One of the main things that helped us with this was the Diary Detox by Paul Holbrook, which we did as a workshop internally. This helps you to break down how you are spending your time at work, and on average at Trio we found that 20% of the working week was spent wasting time. We realised that if we solved that issue, no one had to do any additional work, they just had to be more efficient with their time and maintain productivity throughout the four days they were working. 

5. Not doing it sooner

I’m pleased to say that after six months on the trial, it has been super successful for Trio and we’re now continuing the trial for another six months, before making a permanent decision. 

We’ve had our ups and downs along the way, but the fact that I can give people a better work/life balance and still achieve the desired results for the business is hugely rewarding. We’ve had two of our best ever sales months on record during the four day week; we’ve also grown our team and grown our client base. We’ve performed 45% better financially year on year during the same months and 28% better financially than the previous period.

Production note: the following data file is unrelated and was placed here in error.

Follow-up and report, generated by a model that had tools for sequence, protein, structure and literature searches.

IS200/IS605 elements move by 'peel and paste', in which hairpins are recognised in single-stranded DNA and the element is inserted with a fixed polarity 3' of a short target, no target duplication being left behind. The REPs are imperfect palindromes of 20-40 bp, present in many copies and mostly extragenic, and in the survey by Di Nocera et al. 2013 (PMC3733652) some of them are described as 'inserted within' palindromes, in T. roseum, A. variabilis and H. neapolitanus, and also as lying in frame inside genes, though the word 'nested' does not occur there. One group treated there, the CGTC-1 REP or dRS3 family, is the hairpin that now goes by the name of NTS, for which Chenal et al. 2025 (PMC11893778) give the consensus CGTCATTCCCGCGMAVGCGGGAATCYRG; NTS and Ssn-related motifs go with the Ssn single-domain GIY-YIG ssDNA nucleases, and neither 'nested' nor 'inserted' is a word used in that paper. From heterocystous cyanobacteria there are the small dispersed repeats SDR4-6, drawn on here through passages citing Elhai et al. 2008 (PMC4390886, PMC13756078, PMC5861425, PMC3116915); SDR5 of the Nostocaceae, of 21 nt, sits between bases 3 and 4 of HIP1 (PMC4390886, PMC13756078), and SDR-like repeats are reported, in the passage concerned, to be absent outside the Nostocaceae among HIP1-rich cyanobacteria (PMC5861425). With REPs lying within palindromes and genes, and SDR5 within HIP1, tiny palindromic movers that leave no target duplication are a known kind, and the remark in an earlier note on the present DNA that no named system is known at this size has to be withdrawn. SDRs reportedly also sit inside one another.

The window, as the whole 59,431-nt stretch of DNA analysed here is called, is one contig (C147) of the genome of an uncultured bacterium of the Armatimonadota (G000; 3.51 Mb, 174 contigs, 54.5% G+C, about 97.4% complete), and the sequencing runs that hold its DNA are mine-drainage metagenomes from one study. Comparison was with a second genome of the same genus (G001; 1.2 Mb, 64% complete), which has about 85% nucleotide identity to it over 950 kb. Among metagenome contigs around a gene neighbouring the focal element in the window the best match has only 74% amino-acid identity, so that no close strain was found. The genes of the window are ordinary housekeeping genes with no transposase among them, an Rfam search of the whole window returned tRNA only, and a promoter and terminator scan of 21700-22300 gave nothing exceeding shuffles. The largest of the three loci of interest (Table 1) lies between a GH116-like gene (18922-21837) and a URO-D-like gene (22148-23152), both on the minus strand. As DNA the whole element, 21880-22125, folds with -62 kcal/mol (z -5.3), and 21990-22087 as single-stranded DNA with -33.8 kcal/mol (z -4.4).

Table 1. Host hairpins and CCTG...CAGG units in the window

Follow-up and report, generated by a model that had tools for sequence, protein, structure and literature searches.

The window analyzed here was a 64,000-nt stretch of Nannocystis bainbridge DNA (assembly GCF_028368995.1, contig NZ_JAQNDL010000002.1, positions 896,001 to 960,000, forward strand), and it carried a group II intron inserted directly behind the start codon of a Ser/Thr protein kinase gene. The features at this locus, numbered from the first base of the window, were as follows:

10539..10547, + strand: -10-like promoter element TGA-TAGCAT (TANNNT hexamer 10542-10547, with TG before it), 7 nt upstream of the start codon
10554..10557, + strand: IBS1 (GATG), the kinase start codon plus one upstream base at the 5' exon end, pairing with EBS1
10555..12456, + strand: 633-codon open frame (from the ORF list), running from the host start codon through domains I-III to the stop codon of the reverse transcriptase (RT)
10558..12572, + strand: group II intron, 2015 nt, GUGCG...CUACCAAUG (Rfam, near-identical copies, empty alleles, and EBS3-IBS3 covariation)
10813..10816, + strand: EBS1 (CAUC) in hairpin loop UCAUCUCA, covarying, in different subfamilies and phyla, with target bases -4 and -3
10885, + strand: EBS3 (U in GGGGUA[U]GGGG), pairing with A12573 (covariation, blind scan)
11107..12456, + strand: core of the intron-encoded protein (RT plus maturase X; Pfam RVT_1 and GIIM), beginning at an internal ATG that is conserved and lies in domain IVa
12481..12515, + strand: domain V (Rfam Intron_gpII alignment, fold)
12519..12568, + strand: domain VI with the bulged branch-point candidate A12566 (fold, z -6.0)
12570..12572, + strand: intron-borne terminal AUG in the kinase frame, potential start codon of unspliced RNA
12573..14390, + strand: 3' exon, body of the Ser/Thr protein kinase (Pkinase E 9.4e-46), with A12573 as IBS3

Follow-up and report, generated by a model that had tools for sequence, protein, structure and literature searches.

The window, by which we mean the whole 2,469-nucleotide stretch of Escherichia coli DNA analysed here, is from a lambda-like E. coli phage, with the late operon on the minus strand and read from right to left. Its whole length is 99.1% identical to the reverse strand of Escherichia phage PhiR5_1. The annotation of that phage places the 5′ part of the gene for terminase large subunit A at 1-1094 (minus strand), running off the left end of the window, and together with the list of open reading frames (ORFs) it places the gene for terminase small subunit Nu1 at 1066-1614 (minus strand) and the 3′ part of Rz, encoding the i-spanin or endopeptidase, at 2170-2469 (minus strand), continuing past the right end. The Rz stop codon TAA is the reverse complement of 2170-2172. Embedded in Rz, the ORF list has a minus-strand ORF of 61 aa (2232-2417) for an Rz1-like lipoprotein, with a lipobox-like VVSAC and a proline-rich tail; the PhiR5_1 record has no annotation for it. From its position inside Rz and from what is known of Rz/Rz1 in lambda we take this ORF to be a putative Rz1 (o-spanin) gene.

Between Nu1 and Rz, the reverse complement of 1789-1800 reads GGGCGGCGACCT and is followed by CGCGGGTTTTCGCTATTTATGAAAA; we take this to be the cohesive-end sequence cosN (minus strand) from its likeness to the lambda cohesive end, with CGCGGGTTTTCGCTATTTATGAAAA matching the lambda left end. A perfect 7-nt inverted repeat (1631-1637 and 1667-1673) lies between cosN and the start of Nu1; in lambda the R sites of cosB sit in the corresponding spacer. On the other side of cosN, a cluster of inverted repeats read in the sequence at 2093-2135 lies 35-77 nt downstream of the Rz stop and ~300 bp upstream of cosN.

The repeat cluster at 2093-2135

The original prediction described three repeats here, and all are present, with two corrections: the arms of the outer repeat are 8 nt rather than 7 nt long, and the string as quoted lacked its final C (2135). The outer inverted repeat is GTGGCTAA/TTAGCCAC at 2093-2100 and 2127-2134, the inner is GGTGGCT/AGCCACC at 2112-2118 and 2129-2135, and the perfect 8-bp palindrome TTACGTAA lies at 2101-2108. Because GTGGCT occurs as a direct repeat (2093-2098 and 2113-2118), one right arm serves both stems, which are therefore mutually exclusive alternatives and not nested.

I’ve spent countless hours talking to other businesses about how to implement a four day work week into their business, and just really encourage anyone considering it to give it a go. 

If you want to find out more about how I did it, join our webinar on 16th December at 1pm, where I’m joined by Paul Holbrook from Diary Detox and we’ll be sharing our tips to a happier, healthier work life by implementing the four day week. Sign up here.